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Interactive Effects of Elevated CO2 and Temperature on Quercus myrsinaefolia Saplings
Reference
Usami, T., Lee, J. and Oikawa, T. 2001. Interactive effects of increased temperature and CO2 on the growth of Quercus myrsinaefolia saplings. Plant, Cell and Environment 24: 1007-1019.

What was done
The authors grew two-year-old saplings of Quercus myrsinaefolia, an evergreen broad-leaved oak species, in controlled environment chambers having various atmospheric CO2 concentrations and air temperatures for approximately one year to study the interactive effects of elevated CO2 and temperature on the development and growth of this important tree, which is widely distributed throughout Laos, Vietnam, China, Taiwan, South Korea and southwestern Japan.

What was learned
In ambient air, 3 and 5C increases in air temperature boosted final sapling biomass by 53 and 47%, respectively. At elevated CO2 concentrations that were either 1.5 or 2 times greater than the ambient CO2 concentration, however, the same 3 and 5C increases in air temperature enhanced final biomass by 110 and 140%, respectively.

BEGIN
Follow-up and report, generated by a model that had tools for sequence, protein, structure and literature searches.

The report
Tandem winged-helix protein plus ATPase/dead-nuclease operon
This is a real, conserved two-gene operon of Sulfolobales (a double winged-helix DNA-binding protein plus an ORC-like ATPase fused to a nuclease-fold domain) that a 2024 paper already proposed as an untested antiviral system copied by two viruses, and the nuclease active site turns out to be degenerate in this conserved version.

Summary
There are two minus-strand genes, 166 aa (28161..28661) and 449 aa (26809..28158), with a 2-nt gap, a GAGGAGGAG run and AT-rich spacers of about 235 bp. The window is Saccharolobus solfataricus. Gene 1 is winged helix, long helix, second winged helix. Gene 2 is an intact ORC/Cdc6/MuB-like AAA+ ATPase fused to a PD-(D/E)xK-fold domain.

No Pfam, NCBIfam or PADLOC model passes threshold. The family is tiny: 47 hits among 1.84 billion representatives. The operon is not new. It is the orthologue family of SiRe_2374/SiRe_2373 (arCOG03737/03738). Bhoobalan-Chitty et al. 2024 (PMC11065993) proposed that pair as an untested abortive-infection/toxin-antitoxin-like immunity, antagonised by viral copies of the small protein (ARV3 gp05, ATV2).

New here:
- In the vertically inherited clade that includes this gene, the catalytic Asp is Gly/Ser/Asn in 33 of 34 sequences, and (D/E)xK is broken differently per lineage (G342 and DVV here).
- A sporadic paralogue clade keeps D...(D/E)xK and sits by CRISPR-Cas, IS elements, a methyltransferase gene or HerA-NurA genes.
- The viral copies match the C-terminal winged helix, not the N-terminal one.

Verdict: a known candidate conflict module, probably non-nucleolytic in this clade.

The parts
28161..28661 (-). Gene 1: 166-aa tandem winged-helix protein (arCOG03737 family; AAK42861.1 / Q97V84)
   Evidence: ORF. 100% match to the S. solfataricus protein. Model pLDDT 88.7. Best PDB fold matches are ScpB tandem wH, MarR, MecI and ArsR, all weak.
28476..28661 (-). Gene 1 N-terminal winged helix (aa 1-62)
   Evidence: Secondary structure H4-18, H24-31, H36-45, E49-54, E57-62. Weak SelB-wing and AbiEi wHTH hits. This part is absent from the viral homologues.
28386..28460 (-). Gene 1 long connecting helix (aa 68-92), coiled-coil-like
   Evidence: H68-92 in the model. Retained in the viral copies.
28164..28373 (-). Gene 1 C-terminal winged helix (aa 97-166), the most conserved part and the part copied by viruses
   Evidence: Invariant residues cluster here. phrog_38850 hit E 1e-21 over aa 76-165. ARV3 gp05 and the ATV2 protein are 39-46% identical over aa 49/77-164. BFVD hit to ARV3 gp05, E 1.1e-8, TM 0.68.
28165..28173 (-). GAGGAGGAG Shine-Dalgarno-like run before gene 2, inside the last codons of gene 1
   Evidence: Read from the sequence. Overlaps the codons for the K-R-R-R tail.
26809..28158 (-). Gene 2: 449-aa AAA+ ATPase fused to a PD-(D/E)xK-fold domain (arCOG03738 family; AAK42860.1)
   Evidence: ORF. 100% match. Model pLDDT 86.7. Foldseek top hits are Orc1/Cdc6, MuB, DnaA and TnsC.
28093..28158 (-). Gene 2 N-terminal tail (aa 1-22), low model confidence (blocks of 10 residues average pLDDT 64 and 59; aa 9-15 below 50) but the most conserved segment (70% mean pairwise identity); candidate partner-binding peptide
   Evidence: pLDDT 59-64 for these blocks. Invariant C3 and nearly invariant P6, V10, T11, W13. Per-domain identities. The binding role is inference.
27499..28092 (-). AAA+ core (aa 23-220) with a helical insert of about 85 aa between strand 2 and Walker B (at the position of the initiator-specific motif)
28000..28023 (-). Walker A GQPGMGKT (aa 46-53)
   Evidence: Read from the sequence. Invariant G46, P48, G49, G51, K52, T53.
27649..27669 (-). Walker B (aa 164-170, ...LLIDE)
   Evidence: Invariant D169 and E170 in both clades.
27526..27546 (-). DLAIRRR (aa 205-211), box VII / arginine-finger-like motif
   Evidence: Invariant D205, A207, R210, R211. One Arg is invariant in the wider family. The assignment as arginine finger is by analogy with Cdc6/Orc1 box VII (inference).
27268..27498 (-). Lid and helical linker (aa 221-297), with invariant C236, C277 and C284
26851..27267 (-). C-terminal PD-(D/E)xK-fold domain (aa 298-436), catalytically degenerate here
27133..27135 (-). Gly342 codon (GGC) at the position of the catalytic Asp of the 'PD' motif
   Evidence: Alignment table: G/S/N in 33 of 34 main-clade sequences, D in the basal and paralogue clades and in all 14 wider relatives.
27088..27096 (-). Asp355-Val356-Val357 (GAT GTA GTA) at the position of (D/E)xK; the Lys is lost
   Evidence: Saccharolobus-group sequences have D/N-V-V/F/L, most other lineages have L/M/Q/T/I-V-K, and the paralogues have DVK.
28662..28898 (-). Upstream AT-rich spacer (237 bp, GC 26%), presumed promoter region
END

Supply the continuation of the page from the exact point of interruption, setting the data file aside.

To partly explain this phenomenon, the authors noted that net assimilation rates in saplings exposed to the more-elevated air temperature treatment of 5C above ambient were depressed to levels that were 70% below those exhibited by control trees exposed to ambient air. However, when simultaneously exposed to twice-ambient concentrations of atmospheric CO2, the negative effects of warming on net assimilation rate were almost completely ameliorated.

What it means
As the air's CO2 content rises, this evergreen oak species will likely exhibit enhanced rates of photosynthesis and biomass production that will increase even more with a concomitant increase in air temperature. Indeed, the beneficial effects of elevated CO2 and air temperature on biomass production in this species were more than additive. Consequently, although the authors say that any global warming that might occur in the future will only "enhance the growth of Q. myrsinaefolia saplings in natural forests, and accelerate [their] succession and poleward migration," it is clear that their positive response to concomitant increases in air temperature and CO2 concentration obviates the need for any poleward migration. Although this pleasant fact does not rule such out, neither does it mandate it. Hence, it seems likely that poleward range boundaries may well expand, but that equatorward boundaries may be little changed.